Monday, January 16, 2012

Melancholy popular music: Lana Del Rey and her antecedents

A week and a half ago I stumbled on a phenomenon that pretty much every music insider has been over and over again lately: Lana Del Rey, whose image and story will grace the cover of Billboard magazine's upcoming issue (21 Jan 2012), and who performed on Saturday Night Live this past weekend.

I stumbled on Del Rey's single Video Games ten days ago, when a DJ queued it up on the radio station I had playing on a drive north from Santa Cruz. I'd just gotten off the freeway in Oakland, I was nearly home.

The song first went viral as a YouTube video (embedded below) before its strong release as a single in October. That first time I heard it, in the car, I was blown away by the plaintive melancholy of the artist's vocals set against the swells and ebbs of a partly-synthesized wall of sound, all in the service of some serious romantic longing -- for a fellow she had? had and lost? had and feared losing? never really had at all? (I've made no secret of the fact that I'm a lyrics person, so, yes, I was listening to the words). In any case, I couldn't get the song out of my head. When I got home I found it on YouTube and watched, more than a few times.

I'm not convinced that Video Games is about a whole lot more than adolescent mood swing (Del Rey is 25 years old, FWIW). But even though my adolescence is long past (chronologically speaking, anyway), the song is just cryptic enough to encourage even an actively curious listener. Meanwhile the music insists one put aside curiosity and just ... listen.

The Billboard cover story (or maybe that's just an on-line story about the cover story? dunno) is all about stuff that doesn't move me much: authenticity, the artist's identity, what recordings she released when and where, the label that signed her, how well or poorly she performs live, blah blah blah.

Bottom line, the song pulled me right in when I heard it. As Kathy Iandoli, a contributor to the Village Voice blogs, wrote last month, "The comment-board fights and blog posts don't detract from the fact that she can actually sing."

(And neither, I would add, am I put off by her much-criticized and, honestly, well-below-expectations performance on SNL the night before last. I saw the performance on video the morning after. Del Rey was clearly nervous as all get out, but ... so what? She can still sing, even if not in a live television performance on the eve of an album debut, her first.)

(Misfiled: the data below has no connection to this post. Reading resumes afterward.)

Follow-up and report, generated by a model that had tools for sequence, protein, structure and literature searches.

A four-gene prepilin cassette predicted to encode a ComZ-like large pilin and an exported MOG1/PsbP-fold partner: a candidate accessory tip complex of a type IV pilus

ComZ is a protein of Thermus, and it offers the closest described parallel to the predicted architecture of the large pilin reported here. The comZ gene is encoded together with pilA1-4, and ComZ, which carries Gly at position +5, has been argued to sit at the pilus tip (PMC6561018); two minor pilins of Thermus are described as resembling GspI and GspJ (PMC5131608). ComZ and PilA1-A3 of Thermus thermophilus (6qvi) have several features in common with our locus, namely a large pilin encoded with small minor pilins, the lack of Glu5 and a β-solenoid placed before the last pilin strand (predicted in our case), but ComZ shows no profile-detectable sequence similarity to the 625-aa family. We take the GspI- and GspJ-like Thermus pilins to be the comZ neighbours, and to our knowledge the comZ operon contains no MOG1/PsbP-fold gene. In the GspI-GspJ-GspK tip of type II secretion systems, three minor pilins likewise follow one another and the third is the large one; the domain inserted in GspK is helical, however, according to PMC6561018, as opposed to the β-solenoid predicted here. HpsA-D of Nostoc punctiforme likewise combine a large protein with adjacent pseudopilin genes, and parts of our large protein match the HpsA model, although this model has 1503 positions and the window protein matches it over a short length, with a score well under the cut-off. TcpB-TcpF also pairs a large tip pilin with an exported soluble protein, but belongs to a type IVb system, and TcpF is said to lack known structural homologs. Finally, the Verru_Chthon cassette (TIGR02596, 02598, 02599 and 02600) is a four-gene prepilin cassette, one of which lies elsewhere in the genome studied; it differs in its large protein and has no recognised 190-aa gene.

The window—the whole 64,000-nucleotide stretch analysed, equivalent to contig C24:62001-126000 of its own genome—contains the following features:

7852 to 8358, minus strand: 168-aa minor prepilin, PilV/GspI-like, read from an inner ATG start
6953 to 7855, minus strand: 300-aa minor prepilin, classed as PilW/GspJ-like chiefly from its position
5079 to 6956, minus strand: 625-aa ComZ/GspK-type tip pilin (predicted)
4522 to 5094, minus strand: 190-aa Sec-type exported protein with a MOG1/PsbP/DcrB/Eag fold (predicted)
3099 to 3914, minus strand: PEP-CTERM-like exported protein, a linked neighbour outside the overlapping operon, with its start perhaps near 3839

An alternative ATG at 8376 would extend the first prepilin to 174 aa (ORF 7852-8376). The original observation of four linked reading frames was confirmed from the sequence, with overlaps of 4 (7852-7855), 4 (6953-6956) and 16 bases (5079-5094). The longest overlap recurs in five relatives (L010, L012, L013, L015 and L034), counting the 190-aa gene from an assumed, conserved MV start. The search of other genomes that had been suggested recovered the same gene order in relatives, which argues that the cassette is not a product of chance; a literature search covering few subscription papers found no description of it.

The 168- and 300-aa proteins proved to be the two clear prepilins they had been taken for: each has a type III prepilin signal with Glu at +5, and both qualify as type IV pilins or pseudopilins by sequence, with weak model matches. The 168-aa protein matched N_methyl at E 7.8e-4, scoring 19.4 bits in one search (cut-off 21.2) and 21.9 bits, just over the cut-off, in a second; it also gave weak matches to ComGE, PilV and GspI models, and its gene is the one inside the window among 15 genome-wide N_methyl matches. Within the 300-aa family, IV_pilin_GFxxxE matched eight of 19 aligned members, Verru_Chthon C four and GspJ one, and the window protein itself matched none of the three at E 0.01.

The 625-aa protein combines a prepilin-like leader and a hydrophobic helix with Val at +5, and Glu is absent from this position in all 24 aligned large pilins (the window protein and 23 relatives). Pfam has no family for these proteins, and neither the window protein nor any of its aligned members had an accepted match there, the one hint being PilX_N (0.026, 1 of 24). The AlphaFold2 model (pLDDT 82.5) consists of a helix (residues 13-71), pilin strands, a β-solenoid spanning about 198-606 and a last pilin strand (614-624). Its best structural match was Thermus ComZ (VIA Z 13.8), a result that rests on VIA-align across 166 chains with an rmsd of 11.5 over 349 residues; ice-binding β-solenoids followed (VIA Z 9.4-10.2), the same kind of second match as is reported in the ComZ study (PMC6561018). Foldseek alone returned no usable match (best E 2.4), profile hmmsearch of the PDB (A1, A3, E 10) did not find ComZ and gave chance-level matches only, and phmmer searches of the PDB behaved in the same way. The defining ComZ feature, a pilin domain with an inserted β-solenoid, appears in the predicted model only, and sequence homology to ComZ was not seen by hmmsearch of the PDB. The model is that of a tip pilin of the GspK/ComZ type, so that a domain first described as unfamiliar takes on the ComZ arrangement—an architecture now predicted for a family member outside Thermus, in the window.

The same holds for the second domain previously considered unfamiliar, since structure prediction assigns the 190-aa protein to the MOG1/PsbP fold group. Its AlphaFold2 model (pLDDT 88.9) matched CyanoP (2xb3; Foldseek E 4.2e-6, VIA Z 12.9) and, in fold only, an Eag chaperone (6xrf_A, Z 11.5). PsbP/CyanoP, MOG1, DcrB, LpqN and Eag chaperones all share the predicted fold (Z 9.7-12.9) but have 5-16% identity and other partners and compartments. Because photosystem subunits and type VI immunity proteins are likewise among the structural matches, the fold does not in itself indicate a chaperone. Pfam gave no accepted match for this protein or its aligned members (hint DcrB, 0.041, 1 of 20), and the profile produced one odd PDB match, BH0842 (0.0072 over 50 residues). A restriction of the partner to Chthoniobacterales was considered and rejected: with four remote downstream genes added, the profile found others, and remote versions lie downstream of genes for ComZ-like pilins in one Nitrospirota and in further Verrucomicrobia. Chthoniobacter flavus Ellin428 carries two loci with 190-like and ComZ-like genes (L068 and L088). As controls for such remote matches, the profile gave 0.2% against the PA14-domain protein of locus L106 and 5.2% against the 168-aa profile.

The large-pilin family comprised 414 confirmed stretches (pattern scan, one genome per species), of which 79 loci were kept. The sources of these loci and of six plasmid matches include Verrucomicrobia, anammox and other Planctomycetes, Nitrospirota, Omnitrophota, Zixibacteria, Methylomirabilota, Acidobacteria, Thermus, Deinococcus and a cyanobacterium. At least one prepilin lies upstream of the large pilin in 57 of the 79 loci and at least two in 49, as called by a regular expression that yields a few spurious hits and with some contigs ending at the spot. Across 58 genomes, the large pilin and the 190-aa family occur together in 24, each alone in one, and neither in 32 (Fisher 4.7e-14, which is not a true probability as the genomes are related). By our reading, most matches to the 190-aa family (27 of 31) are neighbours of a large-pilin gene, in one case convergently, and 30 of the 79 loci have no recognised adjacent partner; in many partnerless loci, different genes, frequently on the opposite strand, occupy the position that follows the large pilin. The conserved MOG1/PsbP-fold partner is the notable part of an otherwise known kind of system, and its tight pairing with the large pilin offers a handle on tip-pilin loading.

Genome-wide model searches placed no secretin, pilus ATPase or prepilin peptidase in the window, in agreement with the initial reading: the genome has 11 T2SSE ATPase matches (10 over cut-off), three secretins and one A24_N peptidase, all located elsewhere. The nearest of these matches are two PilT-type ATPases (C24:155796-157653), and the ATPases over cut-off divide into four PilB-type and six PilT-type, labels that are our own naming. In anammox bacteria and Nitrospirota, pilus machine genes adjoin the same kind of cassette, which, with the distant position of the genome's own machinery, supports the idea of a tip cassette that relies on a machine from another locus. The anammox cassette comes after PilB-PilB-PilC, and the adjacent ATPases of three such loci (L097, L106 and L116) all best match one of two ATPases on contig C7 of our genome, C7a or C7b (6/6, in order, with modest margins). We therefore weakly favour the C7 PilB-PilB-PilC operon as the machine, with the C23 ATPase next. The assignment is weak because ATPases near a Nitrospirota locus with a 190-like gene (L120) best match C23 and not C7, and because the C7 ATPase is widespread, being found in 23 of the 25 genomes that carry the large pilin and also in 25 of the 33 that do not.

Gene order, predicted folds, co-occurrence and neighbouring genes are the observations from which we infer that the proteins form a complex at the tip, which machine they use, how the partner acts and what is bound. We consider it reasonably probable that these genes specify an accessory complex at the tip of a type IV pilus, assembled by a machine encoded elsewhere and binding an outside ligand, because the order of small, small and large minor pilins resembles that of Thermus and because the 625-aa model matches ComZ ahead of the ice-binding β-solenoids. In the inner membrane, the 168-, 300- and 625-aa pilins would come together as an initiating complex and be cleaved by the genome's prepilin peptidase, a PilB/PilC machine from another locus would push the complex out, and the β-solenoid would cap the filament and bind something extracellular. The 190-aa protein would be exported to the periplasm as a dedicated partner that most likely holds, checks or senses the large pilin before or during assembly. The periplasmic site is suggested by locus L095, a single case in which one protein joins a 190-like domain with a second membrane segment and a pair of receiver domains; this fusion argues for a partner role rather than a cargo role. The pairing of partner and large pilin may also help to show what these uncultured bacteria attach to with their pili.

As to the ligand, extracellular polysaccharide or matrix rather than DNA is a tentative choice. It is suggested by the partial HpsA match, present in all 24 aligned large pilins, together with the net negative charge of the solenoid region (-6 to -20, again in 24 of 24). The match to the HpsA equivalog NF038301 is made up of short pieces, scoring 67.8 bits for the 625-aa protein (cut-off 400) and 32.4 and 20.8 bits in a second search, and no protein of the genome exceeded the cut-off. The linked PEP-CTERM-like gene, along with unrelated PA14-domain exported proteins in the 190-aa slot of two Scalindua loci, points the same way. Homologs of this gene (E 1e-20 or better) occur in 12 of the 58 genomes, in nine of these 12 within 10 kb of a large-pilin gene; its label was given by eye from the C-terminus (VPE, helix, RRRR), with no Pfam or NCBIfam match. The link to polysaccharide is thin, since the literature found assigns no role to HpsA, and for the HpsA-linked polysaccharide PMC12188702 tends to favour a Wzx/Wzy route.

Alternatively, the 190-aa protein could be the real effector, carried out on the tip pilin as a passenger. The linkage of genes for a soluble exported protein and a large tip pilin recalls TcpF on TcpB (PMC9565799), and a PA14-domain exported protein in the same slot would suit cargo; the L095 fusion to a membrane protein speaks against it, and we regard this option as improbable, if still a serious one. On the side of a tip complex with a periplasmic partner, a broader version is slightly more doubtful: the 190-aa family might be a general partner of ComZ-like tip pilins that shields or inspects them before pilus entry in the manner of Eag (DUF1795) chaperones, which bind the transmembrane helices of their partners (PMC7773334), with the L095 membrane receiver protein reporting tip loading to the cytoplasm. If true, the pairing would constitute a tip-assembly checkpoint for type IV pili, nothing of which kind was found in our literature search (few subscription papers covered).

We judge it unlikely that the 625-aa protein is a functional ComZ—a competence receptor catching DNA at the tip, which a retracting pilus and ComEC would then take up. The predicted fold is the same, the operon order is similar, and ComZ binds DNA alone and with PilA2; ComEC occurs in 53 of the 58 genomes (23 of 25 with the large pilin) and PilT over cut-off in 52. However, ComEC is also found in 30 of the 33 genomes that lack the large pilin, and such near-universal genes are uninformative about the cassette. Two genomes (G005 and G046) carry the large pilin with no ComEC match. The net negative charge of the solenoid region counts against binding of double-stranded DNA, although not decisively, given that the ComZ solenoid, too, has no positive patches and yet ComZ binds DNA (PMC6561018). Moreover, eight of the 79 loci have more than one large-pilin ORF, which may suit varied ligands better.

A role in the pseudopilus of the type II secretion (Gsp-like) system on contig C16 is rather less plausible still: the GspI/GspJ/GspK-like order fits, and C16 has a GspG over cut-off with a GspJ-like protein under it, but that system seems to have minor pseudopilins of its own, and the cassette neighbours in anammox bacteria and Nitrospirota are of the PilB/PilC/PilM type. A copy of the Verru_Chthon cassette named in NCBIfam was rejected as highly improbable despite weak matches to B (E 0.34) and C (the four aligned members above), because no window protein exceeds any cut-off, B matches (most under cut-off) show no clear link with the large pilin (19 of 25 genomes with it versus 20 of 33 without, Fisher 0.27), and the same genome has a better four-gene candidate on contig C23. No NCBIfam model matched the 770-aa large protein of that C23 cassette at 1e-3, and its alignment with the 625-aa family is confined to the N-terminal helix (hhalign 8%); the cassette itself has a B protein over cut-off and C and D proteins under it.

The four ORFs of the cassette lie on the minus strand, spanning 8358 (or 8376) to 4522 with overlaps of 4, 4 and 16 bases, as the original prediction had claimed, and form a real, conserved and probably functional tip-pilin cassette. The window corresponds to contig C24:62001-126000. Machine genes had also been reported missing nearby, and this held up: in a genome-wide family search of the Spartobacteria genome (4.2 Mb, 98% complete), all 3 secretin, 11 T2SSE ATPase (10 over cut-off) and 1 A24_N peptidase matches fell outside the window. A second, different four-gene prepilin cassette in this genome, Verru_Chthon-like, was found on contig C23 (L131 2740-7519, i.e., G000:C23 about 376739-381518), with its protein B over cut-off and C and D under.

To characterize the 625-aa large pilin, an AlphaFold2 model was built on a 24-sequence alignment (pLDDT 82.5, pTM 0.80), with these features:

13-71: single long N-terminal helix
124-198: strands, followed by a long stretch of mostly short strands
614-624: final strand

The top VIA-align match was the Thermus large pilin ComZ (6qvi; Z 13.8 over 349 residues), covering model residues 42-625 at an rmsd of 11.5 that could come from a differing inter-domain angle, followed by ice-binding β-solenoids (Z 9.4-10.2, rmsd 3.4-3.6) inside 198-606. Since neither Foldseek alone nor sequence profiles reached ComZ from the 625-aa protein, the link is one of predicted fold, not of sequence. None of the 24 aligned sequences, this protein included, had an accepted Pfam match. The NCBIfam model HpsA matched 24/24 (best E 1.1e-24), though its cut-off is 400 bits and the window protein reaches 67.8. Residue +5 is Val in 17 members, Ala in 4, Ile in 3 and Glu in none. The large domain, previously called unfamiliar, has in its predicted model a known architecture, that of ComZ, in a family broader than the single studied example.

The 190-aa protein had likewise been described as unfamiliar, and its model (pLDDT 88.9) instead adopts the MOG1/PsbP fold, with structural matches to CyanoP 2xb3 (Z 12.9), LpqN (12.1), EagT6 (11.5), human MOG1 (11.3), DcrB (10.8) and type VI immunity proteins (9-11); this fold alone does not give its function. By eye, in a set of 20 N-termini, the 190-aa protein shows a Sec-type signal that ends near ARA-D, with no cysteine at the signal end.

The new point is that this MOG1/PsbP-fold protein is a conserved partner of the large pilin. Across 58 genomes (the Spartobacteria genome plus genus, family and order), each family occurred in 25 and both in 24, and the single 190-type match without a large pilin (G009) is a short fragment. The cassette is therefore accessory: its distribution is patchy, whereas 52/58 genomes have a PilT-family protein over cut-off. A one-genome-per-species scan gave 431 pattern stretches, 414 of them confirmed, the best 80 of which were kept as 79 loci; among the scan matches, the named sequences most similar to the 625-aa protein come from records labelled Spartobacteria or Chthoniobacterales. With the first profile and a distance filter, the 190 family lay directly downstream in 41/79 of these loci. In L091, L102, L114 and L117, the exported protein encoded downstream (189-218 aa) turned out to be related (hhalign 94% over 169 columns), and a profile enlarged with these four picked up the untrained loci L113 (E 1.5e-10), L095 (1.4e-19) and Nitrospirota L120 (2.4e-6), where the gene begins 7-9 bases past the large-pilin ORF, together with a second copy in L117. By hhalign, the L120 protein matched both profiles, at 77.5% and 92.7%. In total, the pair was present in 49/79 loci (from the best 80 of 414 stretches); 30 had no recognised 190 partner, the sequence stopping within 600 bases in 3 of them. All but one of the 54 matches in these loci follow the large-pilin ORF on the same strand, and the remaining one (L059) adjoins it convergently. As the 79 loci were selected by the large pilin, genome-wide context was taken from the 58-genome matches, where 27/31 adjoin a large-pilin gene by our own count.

Listening to Video Games has me thinking about melancholy popular music in general. One song that's more-or-less recent and falls into this melancholy category, as I categorize anyway, is Lost in My Mind, written and performed by The Head and the Heart.

It's another song whose topic and meaning is a bit opaque. It moves from a clearly melancholic mood at the start to something almost rolicking at the finish, but it stays grounded in a mournful emotional key (I love the burning piano at the end of the video).

Thinking about songs I would categorize with these two, the ones that come to mind are mostly from way-back-when, but share a quality with both Video Games and Lost in My Mind: they sound sad, no doubt of that ... but they also express deep and muscular passion. They're not depressed. Depressed is something different, and not what I mean by melancholy music in the sense I find compelling.

I'm thinking of songs from yesteryear like Who Knows Where the Time Goes (Sandy Denny, performed with Fairport Convention, 1969); Don't Let It Bring You Down (Neil Young, 1970); Everything I Own (Bread, 1972); Angel from Mongomery (John Prine, performed by Bonnie Rait, 1974); Sara (Bob Dylan, 1976); Fast Car (Tracy Chapman, 1988); She Talks to Angels (The Black Crowes, 1990); Guess I'm Doing Fine (Beck, 2002). The list could be endless, of course, but each of these qualifies for my iPod's "Melancholia" playlist.

One of the first songs of this type to which I was drawn was Crystal Blue Persuasion, performed by Tommy James and the Shondells. I must have been nine or ten when I first heard it on the radio. Ah, bubble gum... From the same band, an even better example of passion wrapped in mournful sound is Crimson and Clover:

When I listened to Crimson and Clover the other day on YouTube it was hard to stay in a teary mood. Why, you ask? Well, look at the ad Google decided to serve alongside it:

Is it Christianity? Or is it a porn site? I didn't click to find out....

Related posts on One Finger Typing:
Taking the coast road north from Santa Cruz
Take a sad song
Are you a lyrics person?


  1. attracts crowdsourced comments about what a singer's lyrics 'really' mean - or in some cases, what they at least mean to the commentators. The comments these on the whole tend to be fairly clueful.

    The page on that site for Lana Del Ray's "Video Games":

  2. "comments these" => "comments there"

  3. Oh my gosh, Steve - I thought I might have been the oldest person on earth who loved this song, good to know there's at least one person older than me that got sucked in! Lindy

  4. @Aron -- thanks for the link ... I have to say, though, I think that the song benefits from its ambiguity, and if I were LDR's agent I'd advise her to let it be rather than overshare.

    @Granny Lindy -- Not that much older, thank you very much ( ;-) ) .... ~Gramps

  5. To the writer of this article/blog : I thought you might be interested in adding to your "melancholia" playlist "The end of the world" by Skeeter Davis (that you probably already know but just in case...) and "Holland Road" of Mumford & Sons. They are a British band and absolutely love this song of theirs, and you can also check their albums because they have several "melancholic" songs.

    Anyway, I've been getting into Lana's world more and more lately, and to me, her music really is one of a kind.